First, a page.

Wednesday, August 18, 2010

The Longer Version - Part 1 - Check In Day

After ten months of training, race day was quickly approaching.

Friday – Check-In

I went up early and alone to the mandatory Friday race check-in and race briefing.

Joanne and Jeffrey skipped that part and went for a bike ride up to Columbine Mine, the tough climb in the middle of the race. Jeffrey had been wanting to do the Columbine climb, the weather was PERFECT, and we both knew Jeffrey would love it.

I got into Leadville at 9 am; the line was 3 blocks long to get inside the old historic Leadville gym on 6th street for check-in. The growing pains of this very popular race were quickly apparent. The first time Joanne and I did the race in 2004 there were about 600 racers, now there are 1,600, and they still turned away thousands this year.

I walked to the end of the line of hundreds and hundreds of nervous fidgety entrants I did not know. To my surprise I found that the last person in line was our friend Yuki, who is a professional mountain bike racer and finishes routinely in the top 20, not the last 20 people like me.

Yuki and his girlfriend Junko are from Japan and used to go to the same gym as us. Yuki is a very friendly, humble guy - you would never know he is one of the top endurance mountain biker racers in the U.S. - until you go riding with him, or unless you are standing in line with him at Leadville! I bet fifty people came up to say hi to him and wish him luck.

We checked in, got our wrist bands, numbers, and race schwag. Then we went back outside to another 3 block line in order to attend the “mandatory” briefing by Ken Chlouber, the race founder.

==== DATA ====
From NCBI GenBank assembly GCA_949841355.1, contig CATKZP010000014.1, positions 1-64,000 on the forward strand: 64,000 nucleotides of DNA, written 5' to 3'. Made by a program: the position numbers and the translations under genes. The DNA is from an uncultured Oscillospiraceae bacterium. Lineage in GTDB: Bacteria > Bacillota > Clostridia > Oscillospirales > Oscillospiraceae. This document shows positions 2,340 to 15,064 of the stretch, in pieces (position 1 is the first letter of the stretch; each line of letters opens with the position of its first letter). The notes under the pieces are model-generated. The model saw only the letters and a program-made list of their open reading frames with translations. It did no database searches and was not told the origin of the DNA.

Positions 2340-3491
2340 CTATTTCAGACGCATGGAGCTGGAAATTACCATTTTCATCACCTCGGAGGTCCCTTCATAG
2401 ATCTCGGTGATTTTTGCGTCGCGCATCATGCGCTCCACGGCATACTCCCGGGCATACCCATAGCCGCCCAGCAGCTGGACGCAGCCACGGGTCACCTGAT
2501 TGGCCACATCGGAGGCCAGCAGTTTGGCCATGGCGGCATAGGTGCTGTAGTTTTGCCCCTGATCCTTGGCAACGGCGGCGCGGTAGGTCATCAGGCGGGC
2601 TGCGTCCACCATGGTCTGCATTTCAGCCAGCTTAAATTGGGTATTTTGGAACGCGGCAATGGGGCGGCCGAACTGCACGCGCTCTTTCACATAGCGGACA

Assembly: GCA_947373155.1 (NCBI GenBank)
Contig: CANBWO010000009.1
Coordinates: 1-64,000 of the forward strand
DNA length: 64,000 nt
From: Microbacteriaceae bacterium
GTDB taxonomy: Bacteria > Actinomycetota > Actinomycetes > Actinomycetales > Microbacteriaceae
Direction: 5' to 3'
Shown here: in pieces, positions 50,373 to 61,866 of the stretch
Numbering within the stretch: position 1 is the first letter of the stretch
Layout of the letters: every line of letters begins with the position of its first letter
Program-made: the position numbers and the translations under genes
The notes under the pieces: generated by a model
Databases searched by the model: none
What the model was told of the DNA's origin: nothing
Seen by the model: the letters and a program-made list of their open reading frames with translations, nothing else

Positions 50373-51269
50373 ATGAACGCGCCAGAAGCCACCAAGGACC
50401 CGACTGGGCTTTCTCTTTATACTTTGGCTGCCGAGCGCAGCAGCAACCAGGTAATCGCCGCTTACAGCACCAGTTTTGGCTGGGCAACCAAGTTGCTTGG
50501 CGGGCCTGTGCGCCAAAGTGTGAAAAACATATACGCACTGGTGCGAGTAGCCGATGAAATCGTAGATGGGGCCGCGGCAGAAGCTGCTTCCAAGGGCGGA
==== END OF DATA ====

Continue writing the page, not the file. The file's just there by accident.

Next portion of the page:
Unfortunately, this little gym is too small now and can only hold the racers, so family and crew were not allowed in. So, Ned, the third person crewing for me, had to wait outside, and did not get to hear Ken’s motivational speech - which is definitely worth hearing at least once.

The Speach

Ken Chlouber started these endurance races to raise money and promote business for the struggling economy of Leadville. Leadville is a historic mining town at 10,000’ elevation and has known economic booms and even more economic busts. Ken was a hardrock miner, pulls no punches, and has many quotable phrases during his motivational “rah rah” pre-race briefing speech. Such as:

“These races are HARD, we don’t make them for whiners and cry babies”.

DO NOT QUIT. You are going to hurt and be in pain; all the racers hurt and are in pain. From the winners to last one across the line; the winners just don’t hurt as long.”

IF YOU QUIT, it will bother you long after the pain goes away.”

“We have not killed anyone yet, but you could be the first.”

“You are never alone in the Leadville 100; pain will be with you the whole race”.

"DO NOT QUIT. You're better than you think you are and you can do more than you think you can!"


The briefing was done and all the racers filed out to get ready for the next day.

My crew - Joanne, Jeffrey, and Ned - were all coming up to the condo in Copper Mountain to make my life easier on race day.

Joanne and I have learned that having a crew really changes the Leadville 100 race experience, can save a lot of time, and give the extra motivation you need to NOT QUIT.

Because Ken is right: there will be a point somewhere along the race, maybe many points, maybe the whole way, where you want to quit.

I quit my first year.  I found that quitting is easy to do and hard to live with.  The burning question of "am I mentally strong enough this year?" is just one of many reasons why I love this race.

Next.... Race Day


  1. They don't want much: be mentally tough and have a tough behind! peggy

  2. Ken's speech may be hokey (and doesn't change much from year to year), but he knows what he's talking about. It is hard. You do have to dig deep. And you are stronger than you think. jcm